Living in Denver is a great way to enjoy city life along with easy access to incredible mountain scenery and hiking trails. And living in Denver could be good for your mental health, too. Did you know the city enjoys approximately 300 days of annual sunshine?
Other factors which make this city a great place to live include a robust job market, an incredible outdoor scene, and a rich arts and culture scene. All this adds up to it being a popular city to live in as well.
Fortunately, we’ve done some of the legwork for you by preparing a guide with the essential information you’ll need before relocating to the Mile High City and living in Denver. Here, you’ll find tips on how to move to Denver and what to expect when you get there.
How to move to Denver
If you’re moving to Denver from a different state –say you’re making the move from San Francisco to Denver, or St. Louis to Denver –be sure to check out our list of the best interstate movers. You’ll find options for moving containers if you want to save some money by doing the packing yourself as well as professional movers if you prefer a stress-free move.
You’ll also want to use our moving cost calculator as a way to estimate the cost of your move, so you can prepare your moving to Denver budget for moving day!
Whether you’re moving to Denver from Seattle, San Diego, Miami, or Colorado Springs or beyond, you’ll need a budget for moving day. Be sure to consider any additional services and fees like packing supplies that can drive up the cost of your move.
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Parking permits for moving vehicles in Denver
Depending on where in the city you’re moving to, you may need to get the “okay” from local officials before parking a moving vehicle by your new home.
Check out the city’s website for info on Denver Parking Permits when you’re planning your move.
Photo Credit: Sharon Molleurs
Everything about relocating to Denver
- Which Denver neighborhoods are most affordable?
- Which neighborhood in Denver is the best fit for me?
- How long is the commute in Denver?
- How’s the walkability, bikeability, and public transportation in Denver?
- How dangerous is Denver?
- Where can I find apartments and houses in Denver?
- How much will it cost to move to Denver?
- Don’t forget, all of these things need updating!
- What’s fun to do in Denver?
Mile High City snapshot
- With a population of 711,463, Denver is considered to be the 19th largest US city.
- The average rent in Denver for a one-bedroom apartment is $1,967/month.
- Denver is the 16th most expensive city in the country, meaning that the cost of living is pretty high. It may not be as expensive as New York or Los Angeles, but it’s up there. Some new residents may experience “sticker show” when living in Denver, especially if they’re coming from a lower cost of living city or town.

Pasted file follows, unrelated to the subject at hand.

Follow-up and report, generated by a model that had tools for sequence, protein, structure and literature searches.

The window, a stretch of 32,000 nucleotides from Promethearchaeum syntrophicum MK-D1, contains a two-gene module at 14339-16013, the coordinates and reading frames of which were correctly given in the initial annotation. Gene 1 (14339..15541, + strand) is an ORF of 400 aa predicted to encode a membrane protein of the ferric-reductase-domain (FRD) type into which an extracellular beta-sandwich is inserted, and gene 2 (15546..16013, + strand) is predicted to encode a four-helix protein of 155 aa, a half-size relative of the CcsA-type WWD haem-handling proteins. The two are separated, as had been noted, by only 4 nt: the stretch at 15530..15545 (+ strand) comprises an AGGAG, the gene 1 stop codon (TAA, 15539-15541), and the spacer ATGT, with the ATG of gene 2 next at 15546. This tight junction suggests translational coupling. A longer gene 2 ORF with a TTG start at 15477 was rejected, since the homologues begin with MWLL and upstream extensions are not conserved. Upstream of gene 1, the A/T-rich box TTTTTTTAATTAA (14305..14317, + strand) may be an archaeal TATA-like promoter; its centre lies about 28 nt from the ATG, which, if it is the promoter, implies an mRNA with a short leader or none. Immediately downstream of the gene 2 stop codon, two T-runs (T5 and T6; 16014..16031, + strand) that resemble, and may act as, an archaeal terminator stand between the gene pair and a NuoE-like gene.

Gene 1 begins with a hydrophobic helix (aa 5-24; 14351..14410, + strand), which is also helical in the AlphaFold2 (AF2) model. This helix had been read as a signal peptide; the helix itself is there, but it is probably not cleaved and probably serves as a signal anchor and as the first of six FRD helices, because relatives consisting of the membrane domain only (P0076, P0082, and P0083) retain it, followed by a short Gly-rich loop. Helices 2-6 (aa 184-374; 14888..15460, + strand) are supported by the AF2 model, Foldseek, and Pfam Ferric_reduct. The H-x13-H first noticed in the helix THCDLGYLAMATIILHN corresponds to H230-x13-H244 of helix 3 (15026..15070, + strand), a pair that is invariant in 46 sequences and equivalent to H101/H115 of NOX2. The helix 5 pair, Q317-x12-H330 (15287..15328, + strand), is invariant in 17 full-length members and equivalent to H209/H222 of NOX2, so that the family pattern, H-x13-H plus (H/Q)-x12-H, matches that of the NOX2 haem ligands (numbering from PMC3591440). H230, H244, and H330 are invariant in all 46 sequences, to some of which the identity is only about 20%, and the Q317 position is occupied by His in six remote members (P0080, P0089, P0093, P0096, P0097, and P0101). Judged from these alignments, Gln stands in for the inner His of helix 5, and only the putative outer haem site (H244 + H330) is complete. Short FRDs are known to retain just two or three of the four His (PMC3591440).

Before you get bogged down in the details, check out this video of some of the more breathtaking sights around Denver.
Denver’s varied neighborhoods
Denver is a city with a lot of neighborhoods, which means it’s hard to cover everything simply.
Because of this, it’s best to break the city up regionally into Central, East, North, Northeast, Northwest, South, Southeast, Southwest, and West Denver. Each of these regions contain multiple neighborhoods which all have their own vibes, strengths, and weaknesses.
By our estimation, Denver has over 80 neighborhoods, which should give you plenty of opportunity to find one that fits your personal style, needs, and budget.
So, when starting your search for an area to buy or rent, your first concern should always be whether or not you can afford it. This map from Trulia does a good job of showing how much you can expect to pay in different areas of the city of Denver.
Here’s how the regional pricing breaks down
- If you’re looking for affordability, you can expect to pay between $1,600 and $2,000 in places like Hampden, Park Hill, and Goldsmith.
- Neighborhoods like Washington Park, Five Points, and Baker fall more towards what passes for mid-range rent prices, ranging from $2,400 to $2,600
- And if you’re okay paying for high-end housing, you’ll find $1,900 to $3,000 rents in areas along the lines of Cherry Creek, Golden Triangle, and Lodo.
But while pricing is an important factor, you’ll also want to consider whether or not you actually like living there.
Which neighborhood in Denver is the best fit for me?
Picking the best area to live in when living in Denver depends on several factors, but most of them are meaningless if you don’t enjoy your environment. The tools at Esri can help you to narrow down locations based on whether or not they share your demographics.
The tool is super simple. All you do is plug in a zip code (we used 80202 for downtown Denver) and the site shows your the three largest demographic subsets along with other useful information.
Demographics are more important than you’d think! If you’re a Millennial growing your career and possibly a family, you’ll likely be less inclined to live in a neighborhood with fresh-from-university graduates (perhaps from University of Denver or University of Colorado) who are out partying all night at trendy bars.
When you’ve figured out which area best suits you, you should also consider commuting and transportation needs.